This afternoon, I went to the music concert hall where is located in the music building for the listening hour, a small noon-time concert which is performed by the staff and students from the music majors. Since it is a free noon-time concert, most of the audiences just wear the t-shirts and jeans to the concert. Dresses are not required for the concert. The performance today is given by the Ananda Jazz Ensemble. They have played “Running Away”, composed by Bob Marley; “Madalena”, composed by Ivan Linz; “Conejitos y Ananda”, composed by Abi Romero; “La Bikina”, composed by Ruben Fuentes; and “Chukaro”, also composed by Abi Romero. Because this is a Latin Americdan Journey, all of the music performed is jazz music. All pieces played in the concert are an ensemble of piano, bass, and drums. During the concert, I was trying to be a perceptive listener; I enjoyed the music with concentration and paid attention to the music’s unity and variety, such as the dynamics and tempos. I also tried to associate the music with a picture when I listened to it and understand the emotion in the music. The first piece played in the concert is “Running Away”, given by Abi Romero who plays the piano, Satoro Tagawa who plays the bass and Brandon Winans who plays the drums. The historical period of this piece of music is the Contemporary Period. The style of this music is jazz. It is a chamber music. It only has one movement and totally has three patterns. This piece of music has no function,
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For this concert report I chose to go to a performance of student composers held at the Kimball Recital Hall. I chose this one because I wanted to see some of the talent that my peers have in the music realm, and also it was one of the only concerts I have been able to attend because I usually work at night. It was impressive to hear pieces composed by students. I cannot imagine creating something as complex as a musical composition, much less actually performing it, so this aspect of the concert was particularly awe-inspiring. There was a large attendance, and I think that much of the audience consisted of friends of the composers and/or performers. I went with three friends, who I convinced by telling it would be interesting to see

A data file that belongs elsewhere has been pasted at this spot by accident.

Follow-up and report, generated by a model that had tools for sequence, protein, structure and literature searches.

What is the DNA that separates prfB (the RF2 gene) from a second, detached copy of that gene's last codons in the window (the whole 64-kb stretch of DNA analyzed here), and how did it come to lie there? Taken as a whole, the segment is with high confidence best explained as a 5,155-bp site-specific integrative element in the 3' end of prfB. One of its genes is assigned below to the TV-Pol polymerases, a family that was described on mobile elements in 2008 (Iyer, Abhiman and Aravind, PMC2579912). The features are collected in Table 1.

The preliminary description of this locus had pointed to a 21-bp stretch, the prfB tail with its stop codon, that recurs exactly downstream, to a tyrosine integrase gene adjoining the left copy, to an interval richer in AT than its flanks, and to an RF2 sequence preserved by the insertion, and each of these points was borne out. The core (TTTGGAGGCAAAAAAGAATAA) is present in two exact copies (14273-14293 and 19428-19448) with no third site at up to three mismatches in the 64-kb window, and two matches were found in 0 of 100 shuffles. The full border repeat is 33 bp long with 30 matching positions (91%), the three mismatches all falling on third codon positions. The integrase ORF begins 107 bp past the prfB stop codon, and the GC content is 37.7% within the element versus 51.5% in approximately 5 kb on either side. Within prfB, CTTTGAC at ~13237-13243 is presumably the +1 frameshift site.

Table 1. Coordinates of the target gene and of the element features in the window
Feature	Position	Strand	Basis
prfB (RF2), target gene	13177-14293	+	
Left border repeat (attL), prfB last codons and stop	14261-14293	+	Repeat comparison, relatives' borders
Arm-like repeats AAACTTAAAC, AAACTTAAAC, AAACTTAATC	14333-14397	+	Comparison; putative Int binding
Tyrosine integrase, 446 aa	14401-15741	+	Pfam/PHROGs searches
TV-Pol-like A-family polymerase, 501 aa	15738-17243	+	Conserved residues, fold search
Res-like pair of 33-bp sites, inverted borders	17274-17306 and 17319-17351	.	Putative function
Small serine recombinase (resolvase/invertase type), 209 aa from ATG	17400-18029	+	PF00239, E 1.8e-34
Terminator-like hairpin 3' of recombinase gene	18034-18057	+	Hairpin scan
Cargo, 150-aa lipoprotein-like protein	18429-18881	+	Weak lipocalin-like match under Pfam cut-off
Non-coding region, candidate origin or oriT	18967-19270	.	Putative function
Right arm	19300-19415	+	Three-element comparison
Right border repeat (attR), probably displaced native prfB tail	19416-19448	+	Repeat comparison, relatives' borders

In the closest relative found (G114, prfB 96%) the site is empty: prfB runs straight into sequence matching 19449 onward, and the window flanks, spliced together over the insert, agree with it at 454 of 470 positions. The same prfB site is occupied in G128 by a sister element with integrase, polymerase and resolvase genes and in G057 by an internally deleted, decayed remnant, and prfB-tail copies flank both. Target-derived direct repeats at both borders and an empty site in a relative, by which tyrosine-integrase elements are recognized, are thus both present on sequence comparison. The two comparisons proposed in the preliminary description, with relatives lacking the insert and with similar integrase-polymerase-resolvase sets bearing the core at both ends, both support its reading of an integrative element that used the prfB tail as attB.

Dr. Carol Williams’s organ plays were just fantastic. Despite the fact that seeing the instrument called, “organ” was my first time, it was pretty impressive how that instrument worked. All the pedals and the three layers of keyboards were just as complicated as a calculus math problem. The concert was played at the Spreckels Organ Pavilion at Balboa Park. The surrounding was not too bad. Although the concert day was Sunday, it was quite crowded. Besides the crowdedness, the surroundings were not too rough. All ages were welcome to seat and enjoy the sounds of organ. I saw mostly old aged audiences and I saw a little amount of college aged audiences with the music report information on their hands.